-posted by Sonia, Health Reference
FOR THE HEALTH OF IT
A series focused on health issues
and healthy lifestyles presents:
Colon Care Awareness
Friday, November 20, 2015 at 11 AM
Colorectal cancer, cancer of the colon and rectum, is the second leading cause of cancer-related deaths in the US for both men and women combined. Colorectal surgeon, David Rivadeneira, MD, will speak about the signs and symptoms, when to see a physician, screening opportunities, and the quest for a cure.
This program is free and all are welcome.
No registration requried.
– posted by Sonia, Health Reference Services
Diabetes is one of the leading causes of disability and death in the United States. If it’s not controlled, diabetes can cause blindness, nerve damage, kidney disease, and other health problems. One in 12 Americans has diabetes – that’s more than 25 million people. And another 79 million adults in the United States are at high risk of developing type 2 diabetes. Here are some facts you might like to know about the disease:
Nearly 30 million children and adults in the United States have diabetes.
Another 86 million Americans have prediabetes and are at risk for developing type 2 diabetes.
Recent estimates project that as many as one in three American adults will have diabetes in 2050 unless we take steps to Stop Diabetes.
- The Toll on Health
People with diabetes are nearly twice as likely to be hospitalized for a heart attack or stroke.
Diabetes causes nearly 50% of all cases of kidney failure.
More than half of all amputations in adults occur in people with diabetes.
More than half a million American adults have advanced diabetic retinopathy,greatly increasing their risk for severe vision loss.
- Cost of Diabetes
The American Diabetes Association estimates that the total national cost of diagnosed diabetes in the United States
is $245 billion.
o Direct medical costs reach $176 billion and the average medical expenditure among people with diabetes is 2.3
times higher than those without the disease.
o Indirect costs amount to $69 billion (disability, work loss, premature mortality).
One in 10 health care dollars is spent treating diabetes and its complications.
One in five health care dollars is spent caring for people with diabetes.
American Diabetes Month can make a difference by raising awareness about diabetes risk factors and encouraging people to make healthy changes. These changes include: eating healthy, increasing physical activity, and losing weight.
If you would like to learn more about diabetes please visit our library either in person or online. Stop by the National Diabetes Month display on the third floor for materials on the subject. Our Health Reference librarian is also available to research any questions you may have about the disease. Online, we have many health related research tools you can use to investigate diabetes. These can be accessed on the Health Reference and/or the Articles & Databases pages of our website.
– posted by Sonia, Health Reference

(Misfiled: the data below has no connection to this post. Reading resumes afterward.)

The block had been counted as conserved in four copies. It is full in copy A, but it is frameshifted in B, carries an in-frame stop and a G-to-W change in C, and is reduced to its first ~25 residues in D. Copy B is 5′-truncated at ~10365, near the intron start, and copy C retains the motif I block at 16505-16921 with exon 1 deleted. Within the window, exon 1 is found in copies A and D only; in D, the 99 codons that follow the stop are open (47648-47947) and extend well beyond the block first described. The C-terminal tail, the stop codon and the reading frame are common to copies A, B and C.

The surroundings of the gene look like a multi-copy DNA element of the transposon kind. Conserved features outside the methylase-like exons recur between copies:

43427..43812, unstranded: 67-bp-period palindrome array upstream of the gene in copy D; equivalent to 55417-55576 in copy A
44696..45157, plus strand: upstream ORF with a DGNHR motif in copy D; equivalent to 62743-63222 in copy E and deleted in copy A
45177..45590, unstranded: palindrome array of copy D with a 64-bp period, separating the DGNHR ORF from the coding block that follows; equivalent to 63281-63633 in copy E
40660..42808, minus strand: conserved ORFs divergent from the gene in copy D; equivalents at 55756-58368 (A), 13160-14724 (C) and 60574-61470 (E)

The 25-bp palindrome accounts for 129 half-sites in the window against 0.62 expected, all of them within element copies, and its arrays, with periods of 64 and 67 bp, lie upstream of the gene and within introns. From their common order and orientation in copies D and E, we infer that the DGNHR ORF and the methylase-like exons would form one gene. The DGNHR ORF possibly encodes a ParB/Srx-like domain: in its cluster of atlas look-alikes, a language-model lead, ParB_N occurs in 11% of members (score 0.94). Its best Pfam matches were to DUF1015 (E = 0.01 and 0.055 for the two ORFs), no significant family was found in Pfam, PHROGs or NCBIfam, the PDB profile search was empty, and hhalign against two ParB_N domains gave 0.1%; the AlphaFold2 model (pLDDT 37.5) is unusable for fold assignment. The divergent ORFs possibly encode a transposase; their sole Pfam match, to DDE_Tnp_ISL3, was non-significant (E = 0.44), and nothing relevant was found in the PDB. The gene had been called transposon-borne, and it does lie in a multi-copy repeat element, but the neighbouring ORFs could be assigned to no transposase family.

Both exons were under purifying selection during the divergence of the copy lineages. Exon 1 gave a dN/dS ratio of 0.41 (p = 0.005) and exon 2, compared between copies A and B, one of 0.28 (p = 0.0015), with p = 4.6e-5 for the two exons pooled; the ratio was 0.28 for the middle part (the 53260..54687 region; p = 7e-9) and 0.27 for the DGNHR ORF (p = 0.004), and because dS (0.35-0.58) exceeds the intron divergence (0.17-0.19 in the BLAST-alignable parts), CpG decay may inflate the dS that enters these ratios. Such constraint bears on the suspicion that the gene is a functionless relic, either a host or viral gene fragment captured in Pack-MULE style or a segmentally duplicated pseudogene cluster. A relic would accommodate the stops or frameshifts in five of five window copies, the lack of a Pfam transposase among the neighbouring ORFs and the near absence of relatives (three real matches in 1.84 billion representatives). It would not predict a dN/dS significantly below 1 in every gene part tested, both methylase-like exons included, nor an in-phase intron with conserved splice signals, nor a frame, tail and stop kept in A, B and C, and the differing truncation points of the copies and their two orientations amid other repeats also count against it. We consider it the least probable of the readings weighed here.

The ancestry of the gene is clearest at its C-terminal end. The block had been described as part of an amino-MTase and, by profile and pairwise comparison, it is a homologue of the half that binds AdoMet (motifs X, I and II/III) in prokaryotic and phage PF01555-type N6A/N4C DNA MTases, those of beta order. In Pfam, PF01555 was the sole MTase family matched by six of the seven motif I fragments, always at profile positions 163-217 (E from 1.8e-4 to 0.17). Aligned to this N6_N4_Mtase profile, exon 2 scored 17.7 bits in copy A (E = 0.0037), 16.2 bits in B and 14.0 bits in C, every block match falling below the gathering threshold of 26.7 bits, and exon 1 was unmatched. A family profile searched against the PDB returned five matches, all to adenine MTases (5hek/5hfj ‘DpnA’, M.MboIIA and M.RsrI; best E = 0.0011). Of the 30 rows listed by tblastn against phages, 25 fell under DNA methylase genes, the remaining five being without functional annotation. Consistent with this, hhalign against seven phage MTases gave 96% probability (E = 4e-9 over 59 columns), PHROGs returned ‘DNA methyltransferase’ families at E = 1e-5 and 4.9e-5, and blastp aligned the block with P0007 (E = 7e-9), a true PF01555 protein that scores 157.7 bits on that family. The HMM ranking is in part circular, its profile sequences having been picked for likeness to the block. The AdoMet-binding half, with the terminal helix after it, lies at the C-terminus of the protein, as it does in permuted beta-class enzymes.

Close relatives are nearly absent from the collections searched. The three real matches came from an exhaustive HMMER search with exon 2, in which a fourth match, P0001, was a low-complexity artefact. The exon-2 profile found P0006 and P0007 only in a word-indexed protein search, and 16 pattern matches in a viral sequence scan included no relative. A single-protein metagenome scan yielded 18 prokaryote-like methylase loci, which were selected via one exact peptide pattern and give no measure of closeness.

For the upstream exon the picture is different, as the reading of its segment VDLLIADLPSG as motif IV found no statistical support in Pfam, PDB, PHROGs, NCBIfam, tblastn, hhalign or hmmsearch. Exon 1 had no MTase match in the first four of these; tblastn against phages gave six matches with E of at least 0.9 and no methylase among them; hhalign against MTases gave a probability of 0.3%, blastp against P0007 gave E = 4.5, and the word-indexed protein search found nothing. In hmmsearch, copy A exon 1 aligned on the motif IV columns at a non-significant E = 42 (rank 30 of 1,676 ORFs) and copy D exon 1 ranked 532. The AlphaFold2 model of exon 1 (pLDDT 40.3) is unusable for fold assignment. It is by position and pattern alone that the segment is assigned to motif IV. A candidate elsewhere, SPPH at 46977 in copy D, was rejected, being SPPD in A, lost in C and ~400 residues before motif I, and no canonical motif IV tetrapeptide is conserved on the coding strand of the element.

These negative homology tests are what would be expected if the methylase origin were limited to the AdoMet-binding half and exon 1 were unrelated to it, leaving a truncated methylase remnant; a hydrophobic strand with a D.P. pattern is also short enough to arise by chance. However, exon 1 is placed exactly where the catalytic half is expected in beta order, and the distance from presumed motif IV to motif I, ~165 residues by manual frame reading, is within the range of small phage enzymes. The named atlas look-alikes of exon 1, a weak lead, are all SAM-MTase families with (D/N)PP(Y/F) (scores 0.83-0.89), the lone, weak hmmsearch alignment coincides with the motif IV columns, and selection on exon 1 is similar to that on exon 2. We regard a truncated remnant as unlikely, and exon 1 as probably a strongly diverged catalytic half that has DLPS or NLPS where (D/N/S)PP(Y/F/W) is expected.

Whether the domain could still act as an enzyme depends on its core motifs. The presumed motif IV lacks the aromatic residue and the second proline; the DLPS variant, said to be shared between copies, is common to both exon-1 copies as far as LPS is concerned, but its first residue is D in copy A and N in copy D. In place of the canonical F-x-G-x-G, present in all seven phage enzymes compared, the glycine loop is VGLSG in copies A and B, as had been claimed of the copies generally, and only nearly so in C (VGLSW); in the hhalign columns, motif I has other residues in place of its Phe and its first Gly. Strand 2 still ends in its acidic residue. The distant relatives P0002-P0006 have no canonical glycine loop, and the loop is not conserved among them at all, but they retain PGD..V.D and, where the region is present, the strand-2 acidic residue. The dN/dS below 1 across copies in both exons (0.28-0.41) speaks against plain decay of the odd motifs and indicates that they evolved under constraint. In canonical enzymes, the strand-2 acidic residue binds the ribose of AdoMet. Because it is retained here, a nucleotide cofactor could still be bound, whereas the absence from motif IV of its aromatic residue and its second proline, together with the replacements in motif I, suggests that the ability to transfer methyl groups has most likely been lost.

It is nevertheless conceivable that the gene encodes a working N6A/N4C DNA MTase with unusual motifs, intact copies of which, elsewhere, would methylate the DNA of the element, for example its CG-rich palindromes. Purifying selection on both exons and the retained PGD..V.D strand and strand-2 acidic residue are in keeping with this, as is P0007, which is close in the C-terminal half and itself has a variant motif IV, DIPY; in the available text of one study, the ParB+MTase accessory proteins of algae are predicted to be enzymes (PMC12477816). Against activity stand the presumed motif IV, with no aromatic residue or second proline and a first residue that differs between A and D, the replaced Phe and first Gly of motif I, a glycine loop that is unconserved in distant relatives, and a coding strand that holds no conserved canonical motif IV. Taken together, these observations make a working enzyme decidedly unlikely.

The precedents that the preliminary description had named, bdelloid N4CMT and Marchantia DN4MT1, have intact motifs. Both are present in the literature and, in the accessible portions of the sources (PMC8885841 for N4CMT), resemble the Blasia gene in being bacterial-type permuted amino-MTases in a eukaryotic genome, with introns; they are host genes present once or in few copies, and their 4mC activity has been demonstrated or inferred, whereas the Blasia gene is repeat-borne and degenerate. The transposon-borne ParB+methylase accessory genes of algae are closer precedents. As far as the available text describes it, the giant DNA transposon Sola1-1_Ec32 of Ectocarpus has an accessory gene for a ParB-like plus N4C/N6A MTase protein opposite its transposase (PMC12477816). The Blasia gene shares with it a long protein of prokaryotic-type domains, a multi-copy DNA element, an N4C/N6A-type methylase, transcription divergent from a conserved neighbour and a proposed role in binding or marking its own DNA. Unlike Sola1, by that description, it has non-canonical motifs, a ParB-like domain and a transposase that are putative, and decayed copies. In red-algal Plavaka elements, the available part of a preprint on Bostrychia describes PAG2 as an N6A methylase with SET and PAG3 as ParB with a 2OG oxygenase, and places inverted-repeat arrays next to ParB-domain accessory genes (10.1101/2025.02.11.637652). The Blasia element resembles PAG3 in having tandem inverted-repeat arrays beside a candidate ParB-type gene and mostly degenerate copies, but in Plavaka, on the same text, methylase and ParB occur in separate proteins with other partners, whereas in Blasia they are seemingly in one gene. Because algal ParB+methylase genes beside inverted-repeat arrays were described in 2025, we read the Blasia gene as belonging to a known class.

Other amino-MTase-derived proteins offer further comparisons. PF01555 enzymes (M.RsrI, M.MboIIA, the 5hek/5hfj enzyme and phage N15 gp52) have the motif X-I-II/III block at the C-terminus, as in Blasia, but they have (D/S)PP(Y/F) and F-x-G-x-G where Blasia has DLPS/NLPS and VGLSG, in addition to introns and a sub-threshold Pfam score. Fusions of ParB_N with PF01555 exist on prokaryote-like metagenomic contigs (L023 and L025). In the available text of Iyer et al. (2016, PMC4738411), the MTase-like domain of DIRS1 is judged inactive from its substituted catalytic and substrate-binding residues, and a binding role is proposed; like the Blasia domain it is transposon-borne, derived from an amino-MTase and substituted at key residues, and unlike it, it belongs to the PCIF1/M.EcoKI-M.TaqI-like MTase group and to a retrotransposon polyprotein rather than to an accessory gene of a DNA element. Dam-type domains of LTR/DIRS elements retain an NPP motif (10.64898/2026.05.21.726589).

Yes, it’s that time of year- allergy season!
For those of us with seasonal allergies this is the best of times and the worst of times. We have a love/hate relationship with spring. After a long hard winter it’s wonderful to see buds on the trees, the grass turning green, the magnolia blossoms gently swaying in the breeze. We want to get outside and garden, take long walks and enjoy the weather, but our bodies betray us. Instead of enjoying the greening we cough, sneeze, suffer with headaches, feel tired all of the time, and just generally feel awful.
Some resources to help get you outside:
The Asthma and Allergy Foundation has information on seasonal allergies including general information, Gardening with Allergies, Over the Counter Medicines, Pollen & Mold Counts, Rhinitis & Sinusitus, Sinus Problems, Alternative Treatment and so much more.
The American Academy of Allergy Asthma & Immunology has information on pollen counts and current research.
The American College of Allergy, Asthma & Immunology is yet another resource for seasonal allergy sufferers. A section of its website is dedicated to hay fever which provides links to treatment options.
Visit MedlinePlus for information regarding seasonal allergies symptoms and treatment. There’s an interesting article Combating Myths About Seasonal Allergies.
Need more information? Visit the Syosset Public Library. We have books and databases with allergy resources. Browse the collection in person or online. For articles about seasonal allergies, see Syosset Public Library’s Online Databases. Here you can access magazine and journal articles, newspapers, and reference books 24 hours a day using your Syosset Public Library library card.
-posted by Susan, Health Reference Services
Browse the many books available at our new January main floor display to make 2010 your best year yet. Included are books on fitness, health, cooking, beauty, fashion, organization, personal finance and a wide variety of self-help materials. We’ve brought out our newest additions, as well as our great older favorites. Want to revamp your look? Try Carmindy’s great make-up guides “The 5 Minute Face” or “Get Positively Beautiful”. You’ll recognize her techniques from TLC’s “What Not To Wear”. Is it finally your year to get fit? Try Bob Harper’s “Are You Ready?” or Jillian Michaels’ “Master Your Metabolism”. Both authors appear on the hit reality show “The Biggest Loser.” And don’t forget health advocate and accomplished author, Dr. Mehmet Oz. We have everything you need to make 2010 great!
~Posted by Jackie, Readers’ Services